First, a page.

Cicilline backs Nancy Pelosi, but Langevin won’t

PROVIDENCE, R.I. (WPRI) – Rhode Island’s two Democratic congressmen are taking different approaches to the fight roiling their caucus over whether House Minority Leader Nancy Pelosi should remain as their leader.

Pelosi is facing a revolt from some House Democrats after another disappointing election earlier this month. Their party has controlled the House for only four years since 1995, and will hold just 194 of the chamber’s 435 seats come January. Ohio Congressman Tim Ryan announced Thursday he will challenge Pelosi for minority leader.

Congressman Jim Langevin, first elected in 2000, declined to throw his support behind Pelosi when asked about her future Thursday.

In a terse statement to Eyewitness News, Langevin said: “Nancy has done an incredible job as Leader and I will continue to talk to my colleagues about the best way to move our caucus forward.”

This isn’t the first time Langevin has expressed reservations about Pelosi’s leadership. In the spring of last year, Langevin suggested on WPRI 12’s Newsmakers that Democrats might need to find a new leader – only to walk back his comments through a spokeswoman hours later.

Sam Bell, who heads the Rhode Island Progressive Democrats, said Langevin pledged to continue supporting Pelosi during a meeting with the group earlier this year.

“I’m assuming that this is all a misunderstanding,” Bell said in an email. “Jim Langevin gave us a commitment on camera that he was supporting Nancy Pelosi during the primary, and I take him at his word.”

By contrast, a spokesman for Congressman David Cicilline, first elected in 2010, said Thursday he remains behind Pelosi. Cicilline has positioned himself as a loyal Pelosi ally since he entered Congress six years ago.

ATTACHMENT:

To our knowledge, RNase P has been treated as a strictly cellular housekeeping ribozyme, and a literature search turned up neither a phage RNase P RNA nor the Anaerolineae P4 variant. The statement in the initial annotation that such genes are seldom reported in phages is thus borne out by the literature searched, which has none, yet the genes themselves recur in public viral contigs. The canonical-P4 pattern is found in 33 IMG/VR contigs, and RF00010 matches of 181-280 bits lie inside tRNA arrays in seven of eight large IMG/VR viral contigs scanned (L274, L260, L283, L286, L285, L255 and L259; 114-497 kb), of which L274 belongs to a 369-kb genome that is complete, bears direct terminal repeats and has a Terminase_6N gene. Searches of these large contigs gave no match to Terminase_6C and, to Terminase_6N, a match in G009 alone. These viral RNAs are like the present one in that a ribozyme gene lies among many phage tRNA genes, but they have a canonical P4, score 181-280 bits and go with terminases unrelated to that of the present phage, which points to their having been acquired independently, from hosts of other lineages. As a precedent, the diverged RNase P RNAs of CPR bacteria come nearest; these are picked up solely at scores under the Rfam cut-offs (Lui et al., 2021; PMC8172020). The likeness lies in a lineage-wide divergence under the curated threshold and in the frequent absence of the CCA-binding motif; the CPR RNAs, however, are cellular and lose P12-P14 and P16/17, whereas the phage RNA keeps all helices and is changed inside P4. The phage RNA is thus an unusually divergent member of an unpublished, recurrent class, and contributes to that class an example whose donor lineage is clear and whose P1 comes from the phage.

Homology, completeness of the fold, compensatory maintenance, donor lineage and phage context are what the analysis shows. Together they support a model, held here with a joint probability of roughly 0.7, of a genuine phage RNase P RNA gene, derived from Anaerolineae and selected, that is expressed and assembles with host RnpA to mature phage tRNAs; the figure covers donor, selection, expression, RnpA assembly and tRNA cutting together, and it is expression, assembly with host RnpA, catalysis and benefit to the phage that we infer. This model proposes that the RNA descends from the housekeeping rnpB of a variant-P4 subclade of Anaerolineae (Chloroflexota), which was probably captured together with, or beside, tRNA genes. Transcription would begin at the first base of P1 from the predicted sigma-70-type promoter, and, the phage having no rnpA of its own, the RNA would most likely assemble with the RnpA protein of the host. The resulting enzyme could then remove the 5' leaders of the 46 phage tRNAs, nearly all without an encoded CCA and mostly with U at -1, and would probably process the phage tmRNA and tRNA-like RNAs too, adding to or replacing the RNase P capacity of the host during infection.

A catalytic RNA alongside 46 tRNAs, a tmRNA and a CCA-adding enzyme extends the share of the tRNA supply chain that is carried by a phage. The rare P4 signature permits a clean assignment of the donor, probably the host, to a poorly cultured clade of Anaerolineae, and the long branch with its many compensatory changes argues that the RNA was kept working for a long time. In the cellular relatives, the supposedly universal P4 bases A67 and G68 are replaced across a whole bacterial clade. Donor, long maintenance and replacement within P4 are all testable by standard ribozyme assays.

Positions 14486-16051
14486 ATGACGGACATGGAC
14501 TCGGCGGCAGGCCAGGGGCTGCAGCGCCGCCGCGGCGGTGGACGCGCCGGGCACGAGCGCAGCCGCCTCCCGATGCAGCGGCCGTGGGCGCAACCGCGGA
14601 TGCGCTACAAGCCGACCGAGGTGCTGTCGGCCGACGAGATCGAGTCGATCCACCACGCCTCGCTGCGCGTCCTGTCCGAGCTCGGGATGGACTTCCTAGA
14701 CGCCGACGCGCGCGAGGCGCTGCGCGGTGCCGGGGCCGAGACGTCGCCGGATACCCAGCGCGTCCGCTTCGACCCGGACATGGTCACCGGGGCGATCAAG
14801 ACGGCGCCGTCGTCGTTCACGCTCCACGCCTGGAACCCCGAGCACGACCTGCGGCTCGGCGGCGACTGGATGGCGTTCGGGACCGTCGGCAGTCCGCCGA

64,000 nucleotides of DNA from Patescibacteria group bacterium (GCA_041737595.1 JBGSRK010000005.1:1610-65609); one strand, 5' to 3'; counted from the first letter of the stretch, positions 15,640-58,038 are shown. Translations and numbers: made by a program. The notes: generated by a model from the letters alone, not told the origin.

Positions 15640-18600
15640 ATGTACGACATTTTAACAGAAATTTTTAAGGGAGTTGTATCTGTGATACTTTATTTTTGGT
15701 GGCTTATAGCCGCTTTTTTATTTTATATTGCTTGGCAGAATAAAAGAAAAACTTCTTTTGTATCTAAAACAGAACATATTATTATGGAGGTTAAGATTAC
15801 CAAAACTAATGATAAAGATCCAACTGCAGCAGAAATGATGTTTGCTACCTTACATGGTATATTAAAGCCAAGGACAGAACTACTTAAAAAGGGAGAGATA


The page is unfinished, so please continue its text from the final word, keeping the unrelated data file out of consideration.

Ciciline offered a full-throated endorsement of Pelosi in a statement.

“We have a strong, effective Democratic leadership team in the House,” he said. “Following last week’s election, we should reflect on the results, share the messages we heard during our campaigns from those we serve, and think carefully about the clear message voters sent – that they are anxious about their economic future and the direction of our country, and that it’s time Washington start working for them.”

Cicilline said he wants House Democrats to back policies that will encourage wage growth, retirement security, college affordability and job creation. “I’m confident that we will advance these goals under the current Democratic leadership team in the House,” he said.

Pelosi has led House Democrats since 2003 and served as speaker from 2007 to 2011. Earlier this week House Democrats delayed their leadership elections until Nov. 30, which was seen as a blow to Pelosi.

Langevin and Cicilline both won easy re-election victories earlier this month. However, the are facing the prospect of running against each other in a 2022 primary if Rhode Island loses a U.S. House seat that year as experts say is possible.

Ted Nesi ( covers politics and the economy for He writes The Saturday Morning Post and hosts Executive Suite. Follow him on Twitter, Facebook and Instagram